IQALUIT, Nunavut – A new legislature convenes in Iqaluit on Jan. 23 after Nunavut voters elected 11 new members to its 27-seat legislature, one short of the number required to govern under the territory’s unique vote-by-mail system.
All 11 are women. All the candidates are members of the Iqaluit Liberal Party.
Candidates needed to hold a seat in the territorial legislature in order to be eligible to stand for re-election, or if they lost the last time around they could move from the legislature to provincial office. No one else ran in the race.
Alexia Lantz, who won a seat in a group constituency for the Liberal Party, is one of the only newly elected MLAs who previously held a seat.
Lantz ran twice for the MLA in 2005 and 2011. She said her priority will be supporting indigenous people across the territory, including first nations, people from Inuit communities and Inuit villages, and any middle-aged and senior citizens.
“I’m really excited to be a part of a government that’s going to be actively working to do that,” Lantz said in an interview.
“First Nations people are very important. But that’s not where our energy should come from — that’s where our energy should come from across the territory.”
Lantz called the relatively low turnout in the last election disappointing, saying that she’s concerned about the gap between women’s opportunities and those of men. Only about a quarter of Nunavut voters voted, she said.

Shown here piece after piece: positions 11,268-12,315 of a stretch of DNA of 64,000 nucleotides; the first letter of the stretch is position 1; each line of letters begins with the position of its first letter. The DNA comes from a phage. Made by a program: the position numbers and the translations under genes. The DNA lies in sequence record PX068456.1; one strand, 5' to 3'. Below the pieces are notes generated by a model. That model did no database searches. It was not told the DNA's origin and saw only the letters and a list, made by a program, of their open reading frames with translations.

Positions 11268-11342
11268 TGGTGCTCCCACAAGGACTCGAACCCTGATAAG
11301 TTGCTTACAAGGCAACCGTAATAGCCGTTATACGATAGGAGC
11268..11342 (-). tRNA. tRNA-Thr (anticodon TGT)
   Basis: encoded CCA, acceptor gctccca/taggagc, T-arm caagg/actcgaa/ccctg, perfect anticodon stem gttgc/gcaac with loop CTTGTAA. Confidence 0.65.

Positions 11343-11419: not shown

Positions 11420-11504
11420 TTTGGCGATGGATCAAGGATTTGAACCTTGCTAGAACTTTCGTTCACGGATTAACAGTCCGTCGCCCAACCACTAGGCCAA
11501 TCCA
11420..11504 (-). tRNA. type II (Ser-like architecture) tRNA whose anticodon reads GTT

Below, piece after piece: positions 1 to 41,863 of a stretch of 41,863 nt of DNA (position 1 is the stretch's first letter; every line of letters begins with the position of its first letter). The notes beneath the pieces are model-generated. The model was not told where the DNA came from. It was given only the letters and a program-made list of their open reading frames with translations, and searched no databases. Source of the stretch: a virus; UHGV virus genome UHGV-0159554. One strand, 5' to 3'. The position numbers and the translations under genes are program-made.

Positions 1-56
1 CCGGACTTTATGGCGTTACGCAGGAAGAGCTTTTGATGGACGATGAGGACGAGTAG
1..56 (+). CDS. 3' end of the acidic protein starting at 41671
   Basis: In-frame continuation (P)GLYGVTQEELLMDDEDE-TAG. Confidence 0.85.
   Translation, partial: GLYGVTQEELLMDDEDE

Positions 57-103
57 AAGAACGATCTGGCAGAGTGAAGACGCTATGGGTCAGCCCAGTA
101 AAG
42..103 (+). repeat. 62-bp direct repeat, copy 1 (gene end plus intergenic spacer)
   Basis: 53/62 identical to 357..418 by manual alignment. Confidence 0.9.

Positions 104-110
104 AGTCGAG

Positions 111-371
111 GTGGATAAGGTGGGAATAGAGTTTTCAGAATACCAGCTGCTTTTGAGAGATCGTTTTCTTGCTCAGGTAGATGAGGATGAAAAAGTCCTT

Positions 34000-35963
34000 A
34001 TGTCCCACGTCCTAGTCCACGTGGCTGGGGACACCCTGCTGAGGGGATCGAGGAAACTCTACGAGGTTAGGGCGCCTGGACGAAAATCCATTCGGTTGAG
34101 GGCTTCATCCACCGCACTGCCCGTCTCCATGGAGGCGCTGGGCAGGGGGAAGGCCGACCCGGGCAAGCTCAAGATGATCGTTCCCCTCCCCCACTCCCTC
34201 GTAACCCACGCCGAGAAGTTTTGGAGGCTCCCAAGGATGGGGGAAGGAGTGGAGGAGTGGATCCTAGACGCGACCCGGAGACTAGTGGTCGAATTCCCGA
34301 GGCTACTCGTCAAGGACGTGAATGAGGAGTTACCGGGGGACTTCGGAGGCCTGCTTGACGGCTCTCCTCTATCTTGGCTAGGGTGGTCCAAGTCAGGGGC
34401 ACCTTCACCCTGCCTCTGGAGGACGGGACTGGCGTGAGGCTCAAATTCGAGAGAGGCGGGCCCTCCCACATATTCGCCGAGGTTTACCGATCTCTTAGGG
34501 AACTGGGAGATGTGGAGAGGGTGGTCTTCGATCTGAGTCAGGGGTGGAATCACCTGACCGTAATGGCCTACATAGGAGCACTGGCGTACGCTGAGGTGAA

“That’s just not a reality that we can be proud of as a people,” she said.
Gwen Conroy won the seat for the Iqaluit Liberal Party. She had previously run for MLA in 2008.
Elections Canada estimates that 159,296 eligible voters cast ballots for the election.
Iqaluit Liberal Party leader Arthur Mulder said he’s excited to “put our platform on the table.”
The eight-seat opposition NDP and Green parties are also back in government, having returned to power two years after the resignation of Premier Peter Taptuna of the rival Conservative Party.
Mulroney said an election needs to be held every five years to give politicians a fresh start. He said people tend to become cynical of politicians when they don’t know their next election date.
The Conservatives are supporting the NDP and Green party’s agenda of lower taxes, better education and infrastructure.
The issue of medicine, he said, will be at the forefront as social services increase under their government.
“That’s one place that really stands out,” he said in an interview.
“I see a real opportunity for our party to take the same agenda over and accelerate it on the same pace as the NDP and the Greens.”
When the new legislative assembly convenes, its decisions will include choosing a new premier and budget.
“If there is anything in life that is nice, it’s a government that balances on razor-thin edges,” Mulder said in an interview.
“When you give us nine months to do that, I’ll be ecstatic.”